When ovarian cancer is detected early, it usually can be treated successfully. Patients whose cancer hasn’t spread have at least a 90 percent chance of surviving five years.
The bad news is that the symptoms for this cancer are usually “silent”—they tend to be mild, vague and hard to detect—so the cancer isn’t found early enough in many cases. The American Cancer Society estimates that 21,650 new cases of ovarian cancer will be diagnosed this year  and that 15,520 women will die of it.
In addition to symptoms being silent, risk factors are not well defined. There’s no clear link between any one risk factor and ovarian cancer, the way there is between smoking and lung cancer, for example. The leading risk factor is heredity. It accounts for about one in 10 cases. Thus, women should be aware of all relatives who have had ovarian cancer, going back as many generations as possible. Women at highest risk of all are those with two or more “first-degree” relatives (a mother, sister or daughter) who have had ovarian cancer. For these women, the odds of getting ovarian cancer may be as high as one in two (as compared to about one in 57 for someone who has no afflicted relatives).
Women with a history of being unable to become pregnant and those who have been diagnosed with breast, uterine or colon cancer seem to have a higher than normal risk of ovarian cancer, too. On the other hand, women who have had children or used birth control pills seem to be protected somewhat from ovarian cancer.
Women with a strong family history of ovarian cancer face a quandary. Should they be tested regularly for ovarian tumors? Ultrasound and a blood test called CA125 are both used for detecting these tumors at an early stage. Ultrasound can be helpful because cancerous tissue has a distinctive look. The blood test detects elevated levels of the chemical CA125, which could mean cancer.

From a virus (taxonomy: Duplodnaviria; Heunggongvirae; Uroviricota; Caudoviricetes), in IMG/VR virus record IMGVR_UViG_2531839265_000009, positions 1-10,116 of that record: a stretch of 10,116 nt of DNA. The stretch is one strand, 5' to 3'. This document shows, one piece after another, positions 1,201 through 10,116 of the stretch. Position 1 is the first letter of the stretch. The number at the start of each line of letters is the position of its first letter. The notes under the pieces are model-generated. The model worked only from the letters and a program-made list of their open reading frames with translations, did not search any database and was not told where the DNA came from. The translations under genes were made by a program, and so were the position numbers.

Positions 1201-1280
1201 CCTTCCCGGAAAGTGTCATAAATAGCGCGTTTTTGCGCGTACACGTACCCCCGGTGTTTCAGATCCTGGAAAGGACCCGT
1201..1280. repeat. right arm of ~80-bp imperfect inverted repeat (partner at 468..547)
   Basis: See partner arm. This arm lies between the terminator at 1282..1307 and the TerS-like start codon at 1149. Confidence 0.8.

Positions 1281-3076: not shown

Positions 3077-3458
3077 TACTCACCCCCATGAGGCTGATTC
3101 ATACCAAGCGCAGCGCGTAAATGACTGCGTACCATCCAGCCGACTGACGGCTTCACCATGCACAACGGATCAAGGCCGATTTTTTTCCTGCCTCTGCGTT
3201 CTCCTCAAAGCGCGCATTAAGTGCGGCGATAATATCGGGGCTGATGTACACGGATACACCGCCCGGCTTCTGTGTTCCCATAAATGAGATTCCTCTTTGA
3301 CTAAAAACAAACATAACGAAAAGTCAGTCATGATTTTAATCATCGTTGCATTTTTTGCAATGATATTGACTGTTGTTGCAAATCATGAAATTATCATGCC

One promising option for women with a strong family background of ovarian cancer may be to enroll in a genetic testing program. Major cancer-research centers that do “gene-mapping” or “gene-linkage” studies can pinpoint with reasonable certainty women who have a gene that predisposes them to ovarian cancer. Women who have this gene might want to consider an oophorectomy—removal of the ovaries—as the closest thing to definitive preventive measures.
Unfortunately, even when abnormal results from ultrasound and the CA125 blood test are taken together, they still may not give a doctor enough information to know whether a woman has cancer. To determine that, exploratory surgery may be needed.
Because 90 percent of women who develop ovarian cancer don’t have a strong family history of it—and because the importance of other risk factors isn’t well established—the advice is simple: Get a pelvic exam every year. During these exams, an enlarged ovary may be detected, alerting your doctor to the need for further evaluation. Quite simply, regular pelvic exams are the best way to detect ovarian cancer at any early stage, when the chances are high that it can be cured.